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Guest tmetzinger

LVL CHG and VNAV with Autothrottle disengaged

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Guest tmetzinger

Got a quick question.In the real airplane, with the autothrottle off, is it possible to engage the VNAV or LVL CHG modes?In the PMDG, the modes will engage, and I'm not sure if this is correct behavior.Of course the modes don't work "properly" - I just wonder if they're inhibited in real life, or if it's possible for the pilot to be the "human autothrottle" and set thrust accordingly and have the appropriate flight path result.The related question is whether these modes are EVER used in real life (i.e. Southwest) when the autothrottles are disabled.I'm working on the chapter for flying "Southwest Style" and I'm advocating the following techniques, and wondering if they're accurate:Takeoff - hit the TOGA button, and manually advance the throttle to the indicated N1 setting. This gives you useful pitch guidance on the PFDClimb - Autopilot ON, set thrust to Climb N1, and use VS to give you the appropriate airspeed. Remember to increase the thrust as you climb!Cruise - ALT HOLD and set thrust for desired speed or fuel flowDescent - use the DES page to indicate Top of Descent, and pull the throttles to idle and set VS to match that given on DES page, so you meet restrictions/constraints.

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Guest meyomyx

Probably one for Brad but .......The MCP controls the Flight Director via the FDCs - so engaging these modes should still command the FDC's to calculate an appropriate envolope for display on the Flight Directors? (regardless of autopilot/autothrottle)Taking LVL CHG - if climb thrust is not available (ie autothrottles disconnected), would not the FD indicate a marginal climb (in terms of pitch) for the given thrust? or indeed level flight.VNAV passes pitch and thrust to the FMC - perhaps the above applies?It would seem logical that either mode would tell you there's a problem if the "goal" became impossible.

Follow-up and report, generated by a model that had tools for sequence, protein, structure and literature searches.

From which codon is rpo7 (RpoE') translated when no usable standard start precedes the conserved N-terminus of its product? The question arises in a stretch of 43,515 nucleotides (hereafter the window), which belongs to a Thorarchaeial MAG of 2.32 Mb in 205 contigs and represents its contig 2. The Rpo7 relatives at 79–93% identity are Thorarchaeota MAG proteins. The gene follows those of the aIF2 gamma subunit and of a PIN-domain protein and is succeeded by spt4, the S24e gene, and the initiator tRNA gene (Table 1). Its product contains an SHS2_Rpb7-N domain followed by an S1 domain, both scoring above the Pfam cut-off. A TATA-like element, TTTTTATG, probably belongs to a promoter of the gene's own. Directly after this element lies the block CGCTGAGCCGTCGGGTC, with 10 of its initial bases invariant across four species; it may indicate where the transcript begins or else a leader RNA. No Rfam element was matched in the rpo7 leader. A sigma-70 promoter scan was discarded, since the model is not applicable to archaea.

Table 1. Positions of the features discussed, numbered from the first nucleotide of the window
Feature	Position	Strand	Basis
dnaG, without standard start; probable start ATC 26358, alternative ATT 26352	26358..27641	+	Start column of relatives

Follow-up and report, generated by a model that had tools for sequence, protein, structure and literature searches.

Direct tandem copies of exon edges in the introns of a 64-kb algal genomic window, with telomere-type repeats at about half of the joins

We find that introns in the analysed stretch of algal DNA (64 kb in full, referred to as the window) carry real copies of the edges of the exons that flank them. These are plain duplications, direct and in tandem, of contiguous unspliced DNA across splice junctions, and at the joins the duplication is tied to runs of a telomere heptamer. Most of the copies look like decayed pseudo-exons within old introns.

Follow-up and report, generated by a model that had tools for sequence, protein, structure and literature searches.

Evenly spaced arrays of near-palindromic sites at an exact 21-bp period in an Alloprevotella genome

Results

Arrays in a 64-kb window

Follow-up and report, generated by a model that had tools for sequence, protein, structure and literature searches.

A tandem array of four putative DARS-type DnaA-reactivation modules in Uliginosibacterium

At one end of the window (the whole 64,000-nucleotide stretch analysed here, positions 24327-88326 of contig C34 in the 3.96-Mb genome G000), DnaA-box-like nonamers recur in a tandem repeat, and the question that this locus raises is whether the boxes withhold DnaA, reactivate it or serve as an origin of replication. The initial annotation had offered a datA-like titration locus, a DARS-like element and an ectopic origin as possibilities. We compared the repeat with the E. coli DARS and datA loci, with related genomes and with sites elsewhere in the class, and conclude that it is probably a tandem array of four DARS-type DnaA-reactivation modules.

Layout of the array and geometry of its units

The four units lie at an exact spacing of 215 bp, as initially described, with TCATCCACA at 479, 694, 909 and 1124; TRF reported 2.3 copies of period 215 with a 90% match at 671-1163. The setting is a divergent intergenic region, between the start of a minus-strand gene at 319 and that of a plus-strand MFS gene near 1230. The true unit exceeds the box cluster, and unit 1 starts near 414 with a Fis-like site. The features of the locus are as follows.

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Guest tmetzinger

Well I did some experimenting, and found that on the sim at least, LVL CHG works as expected - it will use pitch to maintain the selected speed, and the thrust you set affects the rate of climb or descent, at least until you don't have enough thrust to maintain a minimum rate of climb - then it raises the nose to maintain the minimum rate of climb.Speaking to a real SWA pilot over in the SimSouthwest forum, I learned that they do use LVL CHG for the climb, and do use the FMC's calculated path to adjust VS on descent.It's a nice change from the full auto flight, I must say. Still takes some practice for the non precision approaches, getting the VS just right for the descent profile.

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Guest tmetzinger

I believe that southwest orginally disconnected the autothrottles for the sake of fleet commonality - the -200s they started with didn't have any, and they were able to save money on pilot training by making the fleet as similar as possible.Now that the last -200 is retired, I expect that they'll have to look at the relative costs of implementing autothrottles (maintenance and training) versus the potential savings (reduced fuel usage) that autothrottles might generate.From a piloting standpoint, the few SWA pilots I've spoken to said they felt that not having autothrottles kept them more "in touch" with the aircraft, since every change in weight, altitude, etc, required pilot action on the throttles.

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Guest meyomyx

Now there's a debate.To quote Richard L Collins;"Autothrottles are one of the greatest pilot workload relievers ever invented"

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>"Autothrottles are one of the greatest pilot workload>relievers ever invented"I saw this statemnt myself but I wonder to what extent it is true. Richard is known for some hyperboles once in a while. ;-)Michael J.WinXP-Home SP2,AMD64 3500+,Abit AV8,Radeon X800Pro,36GB Raptor,1GB PC3200,Audigy 2


Michael J.

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Guest tmetzinger

>Now there's a debate.>>To quote Richard L Collins;>>"Autothrottles are one of the greatest pilot workload>relievers ever invented"no debate... it's certainly a workload reducer... and it also "separates" the pilot from the airplane. Can be good or bad for safety, depending on how it's implementedAs I said, SWA's reasoning was mostly economic, and it will be interesting to see how they see it in a fleet where all the airplanes now have the capability.

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